A new report shows that both Oakland and Los Angeles have higher rates of homelessness than San Francisco, but it's still telling that California has the top five highest homelessness rates among major U.S. cities.
If I were San Francisco Mayor London Breed, I would be making a much bigger deal over the fact that SF homelessness has decreased under my watch more than it has under any San Francisco mayor in 18 years, possibly longer. And I would be showing people the chart below, showing a larger decrease in the SF homeless population over the last two years than any achieved under the Gavin Newsom or Ed Lee administrations. (Lee saw a smaller but similar decrease from 2013-15, but it quickly reversed in the final year of his term, and that trend continued during Breed’s first year in office. But still!)
Yes, homelessness is still absolutely out of control in this city. But SF is one of the few U.S. cities to effectively decrease its homelessness rate since the pandemic hit, whereas homelessness has become more prevalent in many comparably sized cities. That’s according to a new Chronicle report, which says that SF now only has the third highest homelessness rate in California, behind Oakland and Los Angeles. Yet nationwide, California still has the top five cities for homelessness rates.
ICYMI: S.F. doesn’t have the highest homelessness rates in California, according to a new city controller report. It’s actually Oakland and Los Angeles—and Oakland’s rate far surpasses San Francisco's. https://t.co/L62XsZs6DI— SFNext (@SFNext) July 27, 2023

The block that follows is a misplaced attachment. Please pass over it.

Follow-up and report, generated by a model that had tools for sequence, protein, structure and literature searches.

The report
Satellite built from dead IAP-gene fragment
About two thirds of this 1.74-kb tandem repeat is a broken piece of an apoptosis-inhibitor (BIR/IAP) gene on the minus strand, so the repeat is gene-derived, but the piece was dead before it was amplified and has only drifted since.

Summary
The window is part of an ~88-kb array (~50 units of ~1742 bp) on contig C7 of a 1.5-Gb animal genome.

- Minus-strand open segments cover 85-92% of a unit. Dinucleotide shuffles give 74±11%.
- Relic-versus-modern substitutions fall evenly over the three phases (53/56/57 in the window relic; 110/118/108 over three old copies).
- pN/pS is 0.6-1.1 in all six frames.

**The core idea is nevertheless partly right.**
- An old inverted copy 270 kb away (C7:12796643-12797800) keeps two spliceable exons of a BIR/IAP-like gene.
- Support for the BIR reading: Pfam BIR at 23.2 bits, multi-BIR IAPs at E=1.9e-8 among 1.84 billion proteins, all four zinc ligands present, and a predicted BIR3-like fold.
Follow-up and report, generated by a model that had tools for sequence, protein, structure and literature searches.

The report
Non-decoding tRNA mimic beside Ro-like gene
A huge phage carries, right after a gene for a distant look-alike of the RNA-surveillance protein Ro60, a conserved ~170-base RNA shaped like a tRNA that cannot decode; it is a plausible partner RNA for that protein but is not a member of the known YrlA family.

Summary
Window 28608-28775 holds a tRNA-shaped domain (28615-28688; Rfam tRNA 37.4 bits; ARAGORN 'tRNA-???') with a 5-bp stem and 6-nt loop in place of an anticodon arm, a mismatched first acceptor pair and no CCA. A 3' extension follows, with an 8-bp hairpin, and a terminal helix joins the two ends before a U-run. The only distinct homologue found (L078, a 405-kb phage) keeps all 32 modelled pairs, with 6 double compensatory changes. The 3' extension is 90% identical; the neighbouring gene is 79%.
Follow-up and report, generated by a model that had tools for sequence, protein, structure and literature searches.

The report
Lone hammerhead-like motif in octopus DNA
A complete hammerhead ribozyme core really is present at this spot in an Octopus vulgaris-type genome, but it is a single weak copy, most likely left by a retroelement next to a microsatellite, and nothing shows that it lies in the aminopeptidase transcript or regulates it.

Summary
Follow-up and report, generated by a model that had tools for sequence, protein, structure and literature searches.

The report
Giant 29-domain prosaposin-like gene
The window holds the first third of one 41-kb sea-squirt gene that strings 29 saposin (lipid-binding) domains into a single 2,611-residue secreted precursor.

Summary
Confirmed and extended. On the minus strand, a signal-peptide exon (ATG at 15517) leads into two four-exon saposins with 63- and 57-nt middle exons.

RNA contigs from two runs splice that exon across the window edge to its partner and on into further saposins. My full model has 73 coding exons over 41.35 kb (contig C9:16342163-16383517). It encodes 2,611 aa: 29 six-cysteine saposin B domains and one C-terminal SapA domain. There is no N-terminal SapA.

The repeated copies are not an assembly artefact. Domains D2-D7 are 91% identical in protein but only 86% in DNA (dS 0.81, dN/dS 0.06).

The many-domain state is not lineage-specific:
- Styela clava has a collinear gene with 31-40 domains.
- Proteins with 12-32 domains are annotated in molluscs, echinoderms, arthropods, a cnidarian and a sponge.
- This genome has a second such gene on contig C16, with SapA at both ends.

This information comes from a new 35-page report from the city controller comparing U.S. cities’ homelessness rates. “Jurisdictions in California, including Oakland, Los Angeles, San Francisco, and Berkeley had the highest count of persons experiencing homelessness per 100,000 residents in 2022 compared to peers,” the report says. “While nearly all peer jurisdictions in California saw increases in homelessness during the pandemic, San Francisco and Berkeley both reported a decrease in overall homelessness (3% and 5% respectively) from 2019 to 2022.”
The breakdown is seen above, which measures homelessness rates (that is, averages of unhoused individuals per 100,000 residents). And again, California has the top five cities on this list, and six of the top ten.
But look at SF's mighty 3% decrease in our homelessness rate over the last three years! OK yes that is the smallest decrease of any comparable U.S. city that experienced a decrease in homelessness over this period. But SF is still one of the lucky cities on the right end of this trend, and given the decades-long persistence of this problem, that's an accomplishment we’ve rarely enjoyed.
There are still visible warts for San Francisco in the overall findings. As the Chronicle explains, “San Francisco fared worse than other California cities in certain areas, such as youth homelessness, but came out better in other metrics including the percentages of families experiencing homelessness, people living unsheltered in vehicles or on the streets, and chronically [homeless people].”
The west coast fares far worse than the east coast in these comparisons. And that may be because of weather, or rather, policies based on weather. Many cities that have brutal winters are “Right to shelter” towns, where cities are obligated to provide enough shelter beds for everyone. Supervisor Rafael Mandelman is pushing to implement a similar policy here, and that debate continues.
But the real kicker is a stunning statistic buried on Page 8, and again, really calls out the state of California. “In 2022, the state accounted for half of all unsheltered individuals in the country and had the highest rate of homelessness,” the report states — without getting into the obvious issue of weather that makes year-round homelessness possible. So SF may have structural issues contributing to our overall prevalence of homelessness, but these are statewide issues too.
Image: Joe Kukura, SFist